Skip to Content, Navigation, or Footer.
The Tufts Daily
Where you read it first | Tuesday, May 28, 2024

Harmonies in the Limelight: A ‘Dancer in the Dark,’ forever dreaming of singing and dancing in the light

Björk sees it all in this jarring, life-affirming epic that questions what it’s all for.

bjork.jpeg

Lars von Trier emerged as a filmmaker who experimented with intertwining the avant-garde and melodramatic. He and Thomas Vinterberg penned the Dogme 95 manifesto, which outlined a new generation of art house creativity. It called for all camerawork to be handheld, denounced superficial action and prohibited optical work and filters, amongst other rules. Independent films after the 1995 conception of the Dogme 95 movement, especially those from von Trier, were not all strictly a part of the movement but remained mostly inspired by its goals and guidelines. “Breaking the Waves” (1996) is a prominent and majestic example of the style in action. “Dancer in the Dark” (2000) is possibly the strangest example, while also being one of the most remarkable.

In 2000, Icelandic singer Björk was coming off the critical success of her record “Homogenic” and one year away from releasing what would become her gorgeous, tender opus,  “Vespertine.” One thing that remained unrealized by wider audiences was her acting prowess. She gained little to no notice for her stunning work in Nietzchka Keene’s “The Juniper Tree” (1990). Yet, it seemed her collaboration with von Trier on a musical featuring the off-kilter tones of a classic Björk record was the only missing ingredient in garnering more attention for the star’s impressive acting abilities.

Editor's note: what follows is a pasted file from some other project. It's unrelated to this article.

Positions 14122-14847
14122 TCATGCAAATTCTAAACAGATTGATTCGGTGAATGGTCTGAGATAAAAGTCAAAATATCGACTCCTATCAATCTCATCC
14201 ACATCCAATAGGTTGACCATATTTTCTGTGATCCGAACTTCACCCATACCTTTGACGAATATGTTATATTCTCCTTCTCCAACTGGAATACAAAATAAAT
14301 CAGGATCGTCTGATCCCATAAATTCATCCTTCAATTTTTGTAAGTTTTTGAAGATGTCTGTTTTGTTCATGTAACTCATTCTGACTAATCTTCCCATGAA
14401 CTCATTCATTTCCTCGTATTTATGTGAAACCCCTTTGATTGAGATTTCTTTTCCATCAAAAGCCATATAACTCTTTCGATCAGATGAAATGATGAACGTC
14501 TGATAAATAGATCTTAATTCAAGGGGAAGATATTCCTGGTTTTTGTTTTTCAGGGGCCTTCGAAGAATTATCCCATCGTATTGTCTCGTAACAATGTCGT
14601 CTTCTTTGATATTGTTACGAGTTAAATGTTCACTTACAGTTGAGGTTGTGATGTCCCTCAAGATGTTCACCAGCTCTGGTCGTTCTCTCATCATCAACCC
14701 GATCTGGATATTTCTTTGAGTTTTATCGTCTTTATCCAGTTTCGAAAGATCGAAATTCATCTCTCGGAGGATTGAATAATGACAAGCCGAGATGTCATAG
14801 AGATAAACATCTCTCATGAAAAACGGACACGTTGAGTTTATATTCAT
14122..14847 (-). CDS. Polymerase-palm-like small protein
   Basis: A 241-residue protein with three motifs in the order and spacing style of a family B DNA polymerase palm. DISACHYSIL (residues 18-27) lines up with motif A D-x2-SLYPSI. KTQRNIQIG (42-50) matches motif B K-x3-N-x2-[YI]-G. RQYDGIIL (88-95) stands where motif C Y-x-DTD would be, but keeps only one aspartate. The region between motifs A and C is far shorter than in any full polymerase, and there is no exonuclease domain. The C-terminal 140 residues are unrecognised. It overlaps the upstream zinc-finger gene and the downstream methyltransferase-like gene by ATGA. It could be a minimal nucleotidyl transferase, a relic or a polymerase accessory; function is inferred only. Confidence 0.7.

In the end, the product crafted by von Trier and Björk was indelibly heartbreaking. The narrative of “Dancer in the Dark” drives a stake right through the core of anything bearing a soul. The film depicts Selma (Björk), a single mother and Czech immigrant working in blue-collar America. However, the progression of the story details her impending march towards blindness. With her son also holding the possibility of going blind, Selma becomes desperate for money. The search for the ability to secure her son’s future while harboring the ill-fated future of her own degenerating eyesight is where much of the narrative’s tragedy lies.

In terms of musicality, the song sequences are absolutely sublime. The famed scene on a train featuring Selma and Jeff (Peter Stormare) as they sing “I’ve Seen it All” is powerful beyond levels of comprehension. The song is a desperate last breath of fresh air. It’s a final chance for Selma to revel in all the good and gaze upon some shade of light before the rest of her life is plunged into terminal darkness. Jeff's musical utterance, “You've never been to Niagara Falls” and Selma's response, "I have seen water/It’s water, that's all,” when understood for its poignant message, makes it so easy to be enraptured by emotion. The seemingly simple lyrics capture the experience of being satisfied with existence when all seems intrinsically terrible.

The feeling of embracing the world, even if it’s not what we set out for, is what makes “Dancer in the Dark” such a moving expression. The film is a tale of the simplistic ideologies of love and loss. It contains both and melds them so we feel everything all at once. It’s a bitter story, but it affirms the idea of how life itself is a bitter thing, and how it's a cold world out there.